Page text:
UN envoy calls on Zimbabwe to stop abuse of protesters

Zanu-PF-led government urged to adopt a human rights approach to policing demonstrations

Zimbabwe’s president Emmerson Mnangagwa: Despite his promises to end the authoritarian approach to governance, the army and police have cracked down on protesters.   Photograph:  Tony Karumba/ AFP

Zimbabwe’s president Emmerson Mnangagwa: Despite his promises to end the authoritarian approach to governance, the army and police have cracked down on protesters. Photograph: Tony Karumba/ AFP

 

A United Nations envoy who has been assessing the human rights situation in Zimbabwe has called on the government to stop the abuse of citizens protesting against the ruling party and its handling of the economy.

Concluding his official 10-day visit on Friday, the UN’s special rapporteur on the rights to freedom of peaceful assembly and of association, Clement Voule urged the Zanu-PF-led government to adopt a human rights approach to policing protests.

He also called on President Emmerson Mnangagwa’s regime to establish an independent mechanism to investigate members of the security forces accused of human rights abuses by citizens involved in protests that have erupted across the country this year.

“I have received a considerable number of allegations related to arrests, detentions and even abductions of trade union leaders and members in connection with their activities,” he told reporters in Harare, where he outlined his preliminary findings.

He added: “I was shocked by the testimonies of victims who alleged they had been raped and sexually assaulted by military and police elements in the context of the protests. The victims of these crimes explained they were assaulted in their homes, in many cases at night.”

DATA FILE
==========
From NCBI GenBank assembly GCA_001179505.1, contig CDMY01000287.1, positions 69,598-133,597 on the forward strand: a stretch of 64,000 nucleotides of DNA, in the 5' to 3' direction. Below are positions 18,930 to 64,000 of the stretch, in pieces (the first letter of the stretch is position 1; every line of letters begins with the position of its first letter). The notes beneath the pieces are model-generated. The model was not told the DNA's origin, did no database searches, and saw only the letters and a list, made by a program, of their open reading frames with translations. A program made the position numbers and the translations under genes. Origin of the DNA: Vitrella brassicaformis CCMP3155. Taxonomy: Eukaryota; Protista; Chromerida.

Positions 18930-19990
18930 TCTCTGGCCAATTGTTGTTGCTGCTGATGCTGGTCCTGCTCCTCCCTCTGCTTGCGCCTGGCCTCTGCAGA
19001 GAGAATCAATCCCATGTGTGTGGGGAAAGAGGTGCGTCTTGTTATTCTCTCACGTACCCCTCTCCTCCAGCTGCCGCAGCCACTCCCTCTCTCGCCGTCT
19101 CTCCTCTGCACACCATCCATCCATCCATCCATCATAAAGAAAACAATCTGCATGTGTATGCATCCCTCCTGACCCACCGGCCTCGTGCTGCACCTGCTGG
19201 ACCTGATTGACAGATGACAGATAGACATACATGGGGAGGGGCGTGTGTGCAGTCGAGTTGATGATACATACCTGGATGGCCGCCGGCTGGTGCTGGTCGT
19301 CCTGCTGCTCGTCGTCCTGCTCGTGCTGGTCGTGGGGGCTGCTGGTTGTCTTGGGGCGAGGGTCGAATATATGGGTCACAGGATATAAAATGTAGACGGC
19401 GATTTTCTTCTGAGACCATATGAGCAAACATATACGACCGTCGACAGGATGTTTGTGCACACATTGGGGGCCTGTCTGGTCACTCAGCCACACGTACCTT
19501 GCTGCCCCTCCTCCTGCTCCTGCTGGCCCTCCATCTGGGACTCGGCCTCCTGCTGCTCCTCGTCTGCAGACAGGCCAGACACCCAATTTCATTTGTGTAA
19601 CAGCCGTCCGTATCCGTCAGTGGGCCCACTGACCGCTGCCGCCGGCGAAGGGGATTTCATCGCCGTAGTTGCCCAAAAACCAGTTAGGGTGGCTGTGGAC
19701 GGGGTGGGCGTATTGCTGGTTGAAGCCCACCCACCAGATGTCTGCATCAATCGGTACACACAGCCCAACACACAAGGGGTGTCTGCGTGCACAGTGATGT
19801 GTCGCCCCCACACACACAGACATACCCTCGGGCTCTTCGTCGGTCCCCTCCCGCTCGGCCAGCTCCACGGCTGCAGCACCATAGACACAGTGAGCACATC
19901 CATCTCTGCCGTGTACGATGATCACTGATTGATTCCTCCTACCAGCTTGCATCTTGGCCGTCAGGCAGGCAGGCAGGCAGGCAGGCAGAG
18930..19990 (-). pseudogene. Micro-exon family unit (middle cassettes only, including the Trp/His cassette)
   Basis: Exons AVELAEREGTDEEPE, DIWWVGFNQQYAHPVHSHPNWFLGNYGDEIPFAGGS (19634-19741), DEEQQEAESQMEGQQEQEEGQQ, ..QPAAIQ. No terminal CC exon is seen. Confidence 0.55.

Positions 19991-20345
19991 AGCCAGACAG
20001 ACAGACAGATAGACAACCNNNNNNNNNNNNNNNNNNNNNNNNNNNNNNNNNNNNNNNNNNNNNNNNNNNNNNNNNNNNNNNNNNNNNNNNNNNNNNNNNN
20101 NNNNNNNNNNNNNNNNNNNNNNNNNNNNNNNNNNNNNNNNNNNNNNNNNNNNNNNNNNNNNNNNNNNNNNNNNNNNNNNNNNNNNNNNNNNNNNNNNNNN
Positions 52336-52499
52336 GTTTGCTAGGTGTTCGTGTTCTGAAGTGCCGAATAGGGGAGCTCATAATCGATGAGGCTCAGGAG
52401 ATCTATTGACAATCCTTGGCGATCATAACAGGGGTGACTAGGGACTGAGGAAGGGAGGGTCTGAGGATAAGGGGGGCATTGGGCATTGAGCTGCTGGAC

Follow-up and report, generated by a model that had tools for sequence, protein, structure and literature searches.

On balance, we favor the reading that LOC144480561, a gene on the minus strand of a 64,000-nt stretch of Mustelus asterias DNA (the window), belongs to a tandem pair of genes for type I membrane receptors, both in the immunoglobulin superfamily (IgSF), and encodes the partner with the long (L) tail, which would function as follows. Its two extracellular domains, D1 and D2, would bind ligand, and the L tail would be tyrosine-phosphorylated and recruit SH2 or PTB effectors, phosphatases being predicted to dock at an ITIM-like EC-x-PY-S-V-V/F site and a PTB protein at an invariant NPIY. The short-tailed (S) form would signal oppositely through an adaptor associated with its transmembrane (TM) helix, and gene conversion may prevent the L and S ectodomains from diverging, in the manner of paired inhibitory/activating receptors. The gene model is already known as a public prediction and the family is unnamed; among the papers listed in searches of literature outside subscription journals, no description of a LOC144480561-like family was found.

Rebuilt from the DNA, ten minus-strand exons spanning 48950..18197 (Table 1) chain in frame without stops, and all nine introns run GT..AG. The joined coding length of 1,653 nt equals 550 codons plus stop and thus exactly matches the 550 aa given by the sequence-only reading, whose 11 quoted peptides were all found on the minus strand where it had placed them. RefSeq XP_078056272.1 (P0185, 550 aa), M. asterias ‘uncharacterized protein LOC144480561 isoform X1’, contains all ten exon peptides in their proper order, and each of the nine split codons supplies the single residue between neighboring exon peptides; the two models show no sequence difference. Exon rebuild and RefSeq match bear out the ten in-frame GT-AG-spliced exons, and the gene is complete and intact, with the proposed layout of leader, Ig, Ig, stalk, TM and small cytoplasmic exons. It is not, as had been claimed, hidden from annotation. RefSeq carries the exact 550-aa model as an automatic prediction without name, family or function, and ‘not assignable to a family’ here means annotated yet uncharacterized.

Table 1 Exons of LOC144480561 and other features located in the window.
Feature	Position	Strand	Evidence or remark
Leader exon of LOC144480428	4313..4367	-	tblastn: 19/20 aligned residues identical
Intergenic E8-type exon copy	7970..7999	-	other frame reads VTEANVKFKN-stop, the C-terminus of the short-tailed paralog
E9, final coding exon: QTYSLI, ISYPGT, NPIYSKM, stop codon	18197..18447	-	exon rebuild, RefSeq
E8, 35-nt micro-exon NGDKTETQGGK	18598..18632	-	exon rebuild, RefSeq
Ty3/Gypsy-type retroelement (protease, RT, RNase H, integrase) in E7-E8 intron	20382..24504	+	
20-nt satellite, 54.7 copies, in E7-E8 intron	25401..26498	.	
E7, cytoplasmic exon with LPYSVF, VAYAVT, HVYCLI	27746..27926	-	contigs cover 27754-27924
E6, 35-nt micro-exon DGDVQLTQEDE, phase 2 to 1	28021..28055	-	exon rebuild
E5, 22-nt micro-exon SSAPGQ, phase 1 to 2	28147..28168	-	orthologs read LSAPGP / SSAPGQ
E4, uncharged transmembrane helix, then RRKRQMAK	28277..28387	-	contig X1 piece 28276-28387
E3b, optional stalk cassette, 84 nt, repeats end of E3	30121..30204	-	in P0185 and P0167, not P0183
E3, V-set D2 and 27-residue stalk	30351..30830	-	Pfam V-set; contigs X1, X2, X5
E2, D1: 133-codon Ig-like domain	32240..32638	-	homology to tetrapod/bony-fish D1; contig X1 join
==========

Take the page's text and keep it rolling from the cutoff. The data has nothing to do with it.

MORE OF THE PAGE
When Mr Mnangagwa became president in August 2018, he promised to dispense with the authoritarian approach to governance favoured by his predecessor, the recently deceased Robert Mugabe.

However, since then the army and police have viciously cracked down on unions, civil society groups and opposition parties involved in protests.

In January an army unit was deployed to help police handle nationwide strikes and up to a dozen protesters were shot dead by soldiers, while numerous protests have also been broken up by heavy-handed riot police in the months since then.

Vigil

Mr Voule’s visit to Zimbabwe coincided with hundreds of doctors and nurses holding vigils and protests to call attention to the disappearance of Peter Magombeyi, the acting president of the Zimbabwe Hospital Doctors Association.

Dr Magombeyi was abducted a few days after he led a protest on September 3rd in Harare seeking better pay and working conditions for union members.

The 27-year-old was released by his captors last week in Harare and has since gone to South Africa to receive medical treatment for injuries he received while being detained.

“This [Magombeyi’s abduction] is not an isolated case,” said Mr Voule, who added that union leaders he interviewed said they were living in a “toxic environment of constant retaliation and fear”..

Mr Mnangagwa’s critics says the security forces’ handling of protests shows the president has little appetite to follow through on his promise to adopt human rights reforms. However, his supporters say he is being undermined by elements of Zanu-PF who want him removed from power.

One of the key recommendations made by Mr Voule was to bring Zimbabwe’s new public order laws into line with international standards on human rights.

Critics of the new Maintenance of Peace and Order Bill claim it is identical – and even worse in some parts – to the oppressive Public Order and Security Act it is meant to replace.